Dr Tshidi Gule answers some frequently asked questions regarding the coronavirus and how it affects your health.
In layman’s terms, what is COVID-19?
COVID-19 is a novel strain of a virus family that commonly causes respiratory illnesses. It is the newest strain of the other coronaviruses known to science. It has been identified to cause significant complications in some humans, which can lead to death.
What parts of your body does it attach itself to first?
Coronaviruses attach to any living cell in order to invade it and then replicate itself. Due to the nature of its transmission between human beings (droplet spread and contact with an infected person), the most common areas it will spread to first is the respiratory tract. It does so especially in the nasopharynx (the caudal portion of the nasal cavity that connects the nasal cavity to the larynx) and down into the lungs. But it can also invade the cells of the liver, bowels, and heart.
How does your body react to the virus?
The body’s natural immune response to any virus infection is to mount a defence. A huge array of cells and chemicals work together in order to rid the body of any virus. This is a complex system. The COVID-19 strain seems to initially evade the immune response for about 2 weeks before being detected. Once discovered, the body launches an aggressive immune response by mobilising the body’s various defence mechanisms (granulocytes, interferons, antibodies).
What are the visible and non-visible symptoms of COVID-19?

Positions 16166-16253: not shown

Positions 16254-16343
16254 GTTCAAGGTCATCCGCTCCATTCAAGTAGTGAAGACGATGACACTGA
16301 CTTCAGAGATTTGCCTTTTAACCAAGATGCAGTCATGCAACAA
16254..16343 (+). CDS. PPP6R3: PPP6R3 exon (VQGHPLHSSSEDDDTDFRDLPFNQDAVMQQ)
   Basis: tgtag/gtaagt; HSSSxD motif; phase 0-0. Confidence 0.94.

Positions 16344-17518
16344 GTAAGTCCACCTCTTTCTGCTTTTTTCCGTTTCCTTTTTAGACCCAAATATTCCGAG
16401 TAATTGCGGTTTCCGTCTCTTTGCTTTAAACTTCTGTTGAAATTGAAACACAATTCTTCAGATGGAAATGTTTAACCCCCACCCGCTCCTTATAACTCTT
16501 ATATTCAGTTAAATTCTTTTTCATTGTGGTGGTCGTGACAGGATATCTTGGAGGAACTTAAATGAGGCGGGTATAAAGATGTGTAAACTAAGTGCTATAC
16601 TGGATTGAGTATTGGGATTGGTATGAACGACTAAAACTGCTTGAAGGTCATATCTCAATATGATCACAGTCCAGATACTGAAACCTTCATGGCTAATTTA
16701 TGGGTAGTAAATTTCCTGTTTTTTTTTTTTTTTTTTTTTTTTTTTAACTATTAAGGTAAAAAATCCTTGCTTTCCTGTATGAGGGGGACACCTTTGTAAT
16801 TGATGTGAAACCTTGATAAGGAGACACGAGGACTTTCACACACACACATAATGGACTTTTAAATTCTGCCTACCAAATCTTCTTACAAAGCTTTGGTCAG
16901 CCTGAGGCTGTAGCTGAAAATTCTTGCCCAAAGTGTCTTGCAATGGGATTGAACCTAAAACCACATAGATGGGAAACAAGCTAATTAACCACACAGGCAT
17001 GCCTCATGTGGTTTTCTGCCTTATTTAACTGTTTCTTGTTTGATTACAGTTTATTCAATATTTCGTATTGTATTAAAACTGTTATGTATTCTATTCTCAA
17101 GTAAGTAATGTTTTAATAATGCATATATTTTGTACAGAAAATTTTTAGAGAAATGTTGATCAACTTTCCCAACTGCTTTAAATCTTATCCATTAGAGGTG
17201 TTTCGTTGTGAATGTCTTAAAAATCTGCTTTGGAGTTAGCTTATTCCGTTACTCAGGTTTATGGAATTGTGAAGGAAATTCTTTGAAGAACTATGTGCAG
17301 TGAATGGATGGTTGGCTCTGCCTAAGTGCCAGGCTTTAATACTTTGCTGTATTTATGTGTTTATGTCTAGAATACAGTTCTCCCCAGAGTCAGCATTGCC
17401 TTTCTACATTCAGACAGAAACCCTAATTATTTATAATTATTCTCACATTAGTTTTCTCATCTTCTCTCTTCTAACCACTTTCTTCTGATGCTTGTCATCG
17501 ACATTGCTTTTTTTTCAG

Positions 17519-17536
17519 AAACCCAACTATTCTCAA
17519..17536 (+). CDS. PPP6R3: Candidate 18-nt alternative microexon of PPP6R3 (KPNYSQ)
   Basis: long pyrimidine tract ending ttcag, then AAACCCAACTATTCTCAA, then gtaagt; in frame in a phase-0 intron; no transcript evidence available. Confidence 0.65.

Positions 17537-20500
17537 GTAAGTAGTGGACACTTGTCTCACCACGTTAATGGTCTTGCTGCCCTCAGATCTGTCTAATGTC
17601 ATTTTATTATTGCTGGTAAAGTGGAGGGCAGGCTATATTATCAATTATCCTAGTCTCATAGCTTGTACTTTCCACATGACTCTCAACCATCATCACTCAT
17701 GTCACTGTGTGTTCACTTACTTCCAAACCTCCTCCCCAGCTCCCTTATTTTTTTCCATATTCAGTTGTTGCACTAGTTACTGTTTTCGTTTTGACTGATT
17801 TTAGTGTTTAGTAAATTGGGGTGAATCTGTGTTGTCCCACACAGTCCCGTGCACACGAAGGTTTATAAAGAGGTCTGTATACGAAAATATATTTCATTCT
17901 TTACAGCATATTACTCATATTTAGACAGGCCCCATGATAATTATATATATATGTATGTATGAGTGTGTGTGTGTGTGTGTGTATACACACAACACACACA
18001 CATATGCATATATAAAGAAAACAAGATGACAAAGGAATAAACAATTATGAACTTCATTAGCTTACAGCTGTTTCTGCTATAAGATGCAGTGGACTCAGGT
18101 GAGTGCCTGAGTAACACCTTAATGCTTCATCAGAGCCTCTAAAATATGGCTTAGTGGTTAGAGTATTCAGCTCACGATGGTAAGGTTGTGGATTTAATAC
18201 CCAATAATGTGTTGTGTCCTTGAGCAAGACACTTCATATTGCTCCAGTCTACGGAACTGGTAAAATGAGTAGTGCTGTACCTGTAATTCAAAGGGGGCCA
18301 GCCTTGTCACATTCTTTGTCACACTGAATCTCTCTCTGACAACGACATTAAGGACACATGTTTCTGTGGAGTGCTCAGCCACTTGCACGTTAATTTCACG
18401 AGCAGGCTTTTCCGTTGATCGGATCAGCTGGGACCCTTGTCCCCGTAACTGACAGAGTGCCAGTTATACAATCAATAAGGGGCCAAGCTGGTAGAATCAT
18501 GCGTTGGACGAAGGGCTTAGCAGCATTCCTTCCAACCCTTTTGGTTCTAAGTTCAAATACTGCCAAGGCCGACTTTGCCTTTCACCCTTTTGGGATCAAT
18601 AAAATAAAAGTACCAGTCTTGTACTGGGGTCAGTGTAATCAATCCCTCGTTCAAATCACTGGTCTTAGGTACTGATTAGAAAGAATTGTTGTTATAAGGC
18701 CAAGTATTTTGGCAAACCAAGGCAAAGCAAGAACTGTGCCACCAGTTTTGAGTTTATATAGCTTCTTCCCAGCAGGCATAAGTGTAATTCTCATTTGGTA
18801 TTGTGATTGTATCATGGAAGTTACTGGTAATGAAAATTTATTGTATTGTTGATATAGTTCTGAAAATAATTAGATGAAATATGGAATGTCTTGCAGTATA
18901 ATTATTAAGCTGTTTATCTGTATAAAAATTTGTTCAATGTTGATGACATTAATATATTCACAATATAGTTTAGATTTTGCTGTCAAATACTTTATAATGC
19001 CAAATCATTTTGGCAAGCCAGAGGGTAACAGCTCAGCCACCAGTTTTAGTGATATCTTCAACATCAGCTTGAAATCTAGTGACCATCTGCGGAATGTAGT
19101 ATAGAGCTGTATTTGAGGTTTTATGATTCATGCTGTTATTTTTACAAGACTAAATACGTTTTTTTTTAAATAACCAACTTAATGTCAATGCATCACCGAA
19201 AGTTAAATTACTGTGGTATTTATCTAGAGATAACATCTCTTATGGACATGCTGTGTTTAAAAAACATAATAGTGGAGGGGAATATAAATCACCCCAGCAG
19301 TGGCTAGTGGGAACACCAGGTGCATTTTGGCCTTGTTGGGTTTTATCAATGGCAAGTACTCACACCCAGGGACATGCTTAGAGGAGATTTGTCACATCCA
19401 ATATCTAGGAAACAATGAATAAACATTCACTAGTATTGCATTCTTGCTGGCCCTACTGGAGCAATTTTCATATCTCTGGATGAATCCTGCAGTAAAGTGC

According to the Centers of Disease Control (CDC), people with COVID-19 present with a wide variety of symptoms which usually appear within 2 weeks of being exposed to the virus. These symptoms include:
- Dry cough
- Shortness of breath or difficulty breathing
- Muscle pain
- Sore throat
- New loss of taste or smell
What happens to your body once you’re infected?
The body’s initial response to any intruder is to mount an immune response to get rid of the virus. It does this in different ways by activating immunity pathways to kill the virus. The human immune system has learned over many years how to deal with novel viruses, and when healthy, is able to deal with the COVID-19 strain as it would deal with any other respiratory viruses. This is good news as this strain is known to cause mild illness in more than 80% of identified cases worldwide.
Can COVID-19 affect your mental health?
It is common to experience anxiety and acute stress to a positive result of COVID-19. However, along with self-isolation and the treatment of symptoms, it is important to reach out for emotional support while you are ill to avoid mental health challenges such as depression.
Is dizziness a symptom of the coronavirus?
Dizziness has not been noted as a symptom of COVID-19. However, you may experience dizziness if you have a headache or fever, as it is often associated with these symptoms. Checking your blood pressure is also important as this can be the underlying cause of any dizziness you experience.
Is a runny or blocked nose a symptom?
The virus is known to cause flu-like symptoms so this would include nasal congestion, mild fever and inflammation of the ENT (ear, nose, throat) system.